I walked into the auditorium and took in the scene with an intention. I was orienting to feel a little more grounded. My nerves were really getting to me despite any familiarity I may have felt among the crowd. At the front of the room, there was a riser set up for the podcast/talk — two armchairs and a small coffee table were set up in fireside chat style. Each chair had sequin covered fabric draped over it, and the book of the night was perched upright on the coffee table, its cover equally sparkly and pink and the epitome of joyful. To the right of the stage was a DJ spinning very danceable pop songs; I would learn this was Petra Kolber, a motivational speaker and the author of The Perfection Detox. In front of the riser was the dance floor — which made me a little nervous. I grimaced. “What did I get myself into,” I thought to myself.
The rest of the room was dotted with small tables with three to four seats at each, and a snack table in the back featured salt-free, oil-free, sugar-free, vegan snacks. The food gave me pause. “Wow, food free from seemingly everything but dates,” I thought to myself looking at their labels which listed their ingredients. I was skeptical about a table of sweets so dependent on dates, doubting that they would taste good, but later in the evening, when hunger hit, I tried each one and they were all actually quite delicious.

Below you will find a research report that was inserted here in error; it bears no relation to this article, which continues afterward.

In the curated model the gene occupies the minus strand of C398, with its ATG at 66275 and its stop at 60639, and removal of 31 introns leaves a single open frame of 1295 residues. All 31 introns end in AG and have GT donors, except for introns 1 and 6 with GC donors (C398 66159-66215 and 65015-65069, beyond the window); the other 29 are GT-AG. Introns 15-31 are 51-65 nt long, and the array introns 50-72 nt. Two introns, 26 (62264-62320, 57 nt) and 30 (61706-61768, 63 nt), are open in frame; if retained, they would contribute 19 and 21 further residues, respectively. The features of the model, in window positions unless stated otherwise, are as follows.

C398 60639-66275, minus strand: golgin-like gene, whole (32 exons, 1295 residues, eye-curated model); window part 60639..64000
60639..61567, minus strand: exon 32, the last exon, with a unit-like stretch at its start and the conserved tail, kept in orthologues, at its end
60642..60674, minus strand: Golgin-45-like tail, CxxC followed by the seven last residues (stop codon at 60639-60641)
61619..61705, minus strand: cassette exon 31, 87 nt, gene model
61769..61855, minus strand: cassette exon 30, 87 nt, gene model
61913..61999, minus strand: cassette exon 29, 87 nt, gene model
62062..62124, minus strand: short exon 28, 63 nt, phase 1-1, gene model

It was fifteen minutes before the program was supposed to begin. Being early is a blessing and a curse. I had a greater selection of seats but I also had time to stew in my anxiety. I selected a seat at an empty three-top off to the side. I silently hoped some outgoing soul, or a fellow solo-reader like me, would introduce themselves and sit next to me, but so far all I saw was small groups of folks greeting each other with hugs and cheek-kisses. But as more people arrived, the crowd became increasingly diverse. I was no longer the youngest person in the room, and quite a few men arrived; soon the third, fourth, fifth, sixth, and seventh decades of life filled the space.
I tried very hard to walk the fine line between compassionate with myself for feeling like “the new kid,” and not getting swept up in that narrative of being “the new kid.” It is important to acknowledge our feelings, even old ones, but that is different from letting them run the show. I might feel like the new kid in seventh grade with frizzy hair and uncool clothes but I am a forty-one-year-old woman with a strong sense of pride in her personal style! After what felt like hours, one of my elevator-mates, Lisa, sat with me. I was thankful. Lisa, was older than me but I have no idea how old she is. She was draped in colorful knits and was excited for the program. She had a youthful energy and is a fan of Caroline Kohles the Nia instructor who was billed as leading the movement practice, and the JCC. Nia, a movement modality that finds a sweet spot between choreographed and free form combines dance, martial arts, and mindfulness.
The formal event commenced twenty minutes later than scheduled and we started with some guided movement in our seats. Kohles led us through an energizing-yet-seated movement routine that I assumed came from Nia, while Petra continued to play pop songs at her booth. Next we were introduced to author and podcast host Jenny Blake. Finally, Kolber played Madonna’s “Get Into The Groove” and Kelly McGonigal came out and took her bedazzled seat. I let out a huge sigh. The truth was, that was what I was there for.